By DAVID SKOLNICK
If the city doesn’t make changes to its financial situation, it will face a $16 million deficit by 2023, according to a forecast given by a CPA hired by the Mayor Jamael Tito Brown administration.
The Monday presentation from Michael Abouserhal, the city’s financial consultant and a former Ohio Lottery Commission executive director, made several recommendations – including employee furloughs, elimination of raises, increasing their health insurance premium contributions and layoffs – to avoid the deficit.
“If decisions are not made, the city could end up in fiscal emergency,” he said. “You need to focus on the deficit as quickly as possible.”
Those decisions must be made to address the deficit before it gets too large and the state declares a fiscal watch, caution or emergency, he said.
The recommendations made by Abouserhal include asking employees to forgo salary increases for 2019 and 2020 – for most, that’s 1 percent and 1.5 percent, respectively – to save about $700,000 annually as well as implementing mandatory furlough days, increasing the employees’ contribution to health insurance premiums from 10 percent to 20 percent to save about $900,000 annually, reducing overtime, eliminating pension pick-up for newly-hired employees and reduce it for existing workers, possibly selling or closing the Henry Stambaugh Golf Course, potentially reducing external consulting services provided to the city’s engineering department, and cutting staff – particularly in the fire department and the clerk of courts/municipal courts, where as many as 20 and 30 employees, respectively, could be eliminated.
“These are very difficult to implement and are subject to negotiations,” Abouserhal said. “Tough decisions need to be made. But they have to be considered based on the potential financial situation of the city.”
These cuts are for the city’s general fund and funds that get their money through the general fund such as police, fire and street construction. Most of the money for these funds come from the city’s 2.75 percent income tax and business-profit tax.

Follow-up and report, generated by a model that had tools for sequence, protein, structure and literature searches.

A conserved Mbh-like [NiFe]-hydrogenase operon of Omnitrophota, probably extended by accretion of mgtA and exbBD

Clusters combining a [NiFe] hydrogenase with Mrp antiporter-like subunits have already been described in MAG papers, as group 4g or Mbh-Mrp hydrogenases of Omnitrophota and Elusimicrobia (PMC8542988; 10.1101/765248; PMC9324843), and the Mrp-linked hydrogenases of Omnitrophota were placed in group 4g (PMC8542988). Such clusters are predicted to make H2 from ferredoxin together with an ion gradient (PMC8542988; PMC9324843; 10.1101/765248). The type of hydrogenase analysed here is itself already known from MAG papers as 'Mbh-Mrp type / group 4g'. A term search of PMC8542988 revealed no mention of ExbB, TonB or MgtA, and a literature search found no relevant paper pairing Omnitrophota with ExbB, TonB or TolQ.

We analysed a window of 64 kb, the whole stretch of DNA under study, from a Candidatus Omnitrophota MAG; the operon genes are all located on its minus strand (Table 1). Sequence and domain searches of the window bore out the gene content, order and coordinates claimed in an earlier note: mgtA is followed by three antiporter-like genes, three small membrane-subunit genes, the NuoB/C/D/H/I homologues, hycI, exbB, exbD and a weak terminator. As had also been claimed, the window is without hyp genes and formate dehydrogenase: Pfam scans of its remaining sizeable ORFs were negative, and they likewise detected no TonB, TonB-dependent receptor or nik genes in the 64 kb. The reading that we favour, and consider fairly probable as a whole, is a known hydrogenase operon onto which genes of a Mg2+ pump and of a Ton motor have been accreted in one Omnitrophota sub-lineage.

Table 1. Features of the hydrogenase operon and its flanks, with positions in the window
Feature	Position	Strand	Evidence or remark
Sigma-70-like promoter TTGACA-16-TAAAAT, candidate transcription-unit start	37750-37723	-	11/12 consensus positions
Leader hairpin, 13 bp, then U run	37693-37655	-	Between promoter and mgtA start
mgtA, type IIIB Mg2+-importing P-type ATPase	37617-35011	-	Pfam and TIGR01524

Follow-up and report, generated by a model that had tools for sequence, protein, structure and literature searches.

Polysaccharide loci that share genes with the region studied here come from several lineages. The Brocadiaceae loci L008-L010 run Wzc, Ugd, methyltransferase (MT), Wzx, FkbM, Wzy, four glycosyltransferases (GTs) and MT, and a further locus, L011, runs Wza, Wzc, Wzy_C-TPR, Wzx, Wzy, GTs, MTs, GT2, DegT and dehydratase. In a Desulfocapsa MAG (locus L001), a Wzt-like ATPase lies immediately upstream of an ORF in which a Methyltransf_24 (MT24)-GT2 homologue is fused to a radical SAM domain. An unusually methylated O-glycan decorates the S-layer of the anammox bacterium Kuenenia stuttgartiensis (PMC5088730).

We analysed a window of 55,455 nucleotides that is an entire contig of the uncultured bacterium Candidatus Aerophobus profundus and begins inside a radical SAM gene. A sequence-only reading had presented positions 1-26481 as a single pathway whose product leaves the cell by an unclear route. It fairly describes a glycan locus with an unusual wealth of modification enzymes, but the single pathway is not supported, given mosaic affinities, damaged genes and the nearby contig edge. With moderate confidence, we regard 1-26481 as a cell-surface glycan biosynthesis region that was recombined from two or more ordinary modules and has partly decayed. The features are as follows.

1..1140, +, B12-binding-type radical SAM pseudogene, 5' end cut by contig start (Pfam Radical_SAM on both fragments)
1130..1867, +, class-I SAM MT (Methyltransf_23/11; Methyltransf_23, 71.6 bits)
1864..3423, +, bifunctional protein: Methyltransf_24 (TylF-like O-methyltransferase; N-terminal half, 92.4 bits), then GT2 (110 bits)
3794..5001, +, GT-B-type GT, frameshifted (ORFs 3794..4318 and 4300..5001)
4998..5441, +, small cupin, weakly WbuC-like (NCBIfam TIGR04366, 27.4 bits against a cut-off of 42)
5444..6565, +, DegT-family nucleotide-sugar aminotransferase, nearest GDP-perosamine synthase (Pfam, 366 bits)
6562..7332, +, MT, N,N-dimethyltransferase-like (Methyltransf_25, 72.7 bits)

This does not include the water, wastewater and sanitary budgets which each have surpluses and get their money through water, sewer and sanitation fees, respectively. These surpluses cannot be used to shore up the general fund.
The city’s revenues are flat while its expenditures continue to increase, Abouserhal said.
There are some potential options to increase revenues, but the key to keeping the city out of deficit is to reduce costs, Abouserhal said.
Among some possible ways to increase income, he said, including an income-tax amnesty program; raise the fee for bulk garbage collection; look at raising the amounts charged for licenses and permits as well as evaluate fees that are currently waived; create sponsorship and naming rights for the city; and pursue a new leasing partner for a building on Salt Springs Road that used to be occupied by AT&T that brought in $500,000 in rent annually.
Abouserhal also gave a timeline as to when the administration should work with the unions on concessions.
He recommended meeting with union leaders immediately with a decision coming at the end of June. The focus, he said, should be on long-term fringe benefits and concessions, specifically on health insurance premium contributions, wage changes and pension reductions.
If discussions are unsuccessful, Abouserhal recommends the city make a decision by Aug. 30 on layoffs with each department evaluated for possible staff reductions, again with a focus on fire and court operations.
“We’ve got to work together with all the departments,” Brown said. “It’s not going to be an easy job to convince people to give back, but our employees know the situation we’re in.”
The city was able to balance its 2018 budget with a $12,000 expected surplus after initially having a projected $2.3 million deficit. City officials made a number of cuts and used one-time revenues to largely make up the shortfall.
Councilwoman Lauren McNally, D-5th, said she was “not surprised by [Abouserhal’s] findings and recommendations. We need to take some real action here. We have to ask our employees to make concessions.”
Councilman Mike Ray, D-4th, said the city has “juggled our finances for years. There’s nobody better at bailing water than us. We’ve kept the ship afloat. But we have to address these structural issues while making sure we compensate our employees fairly.”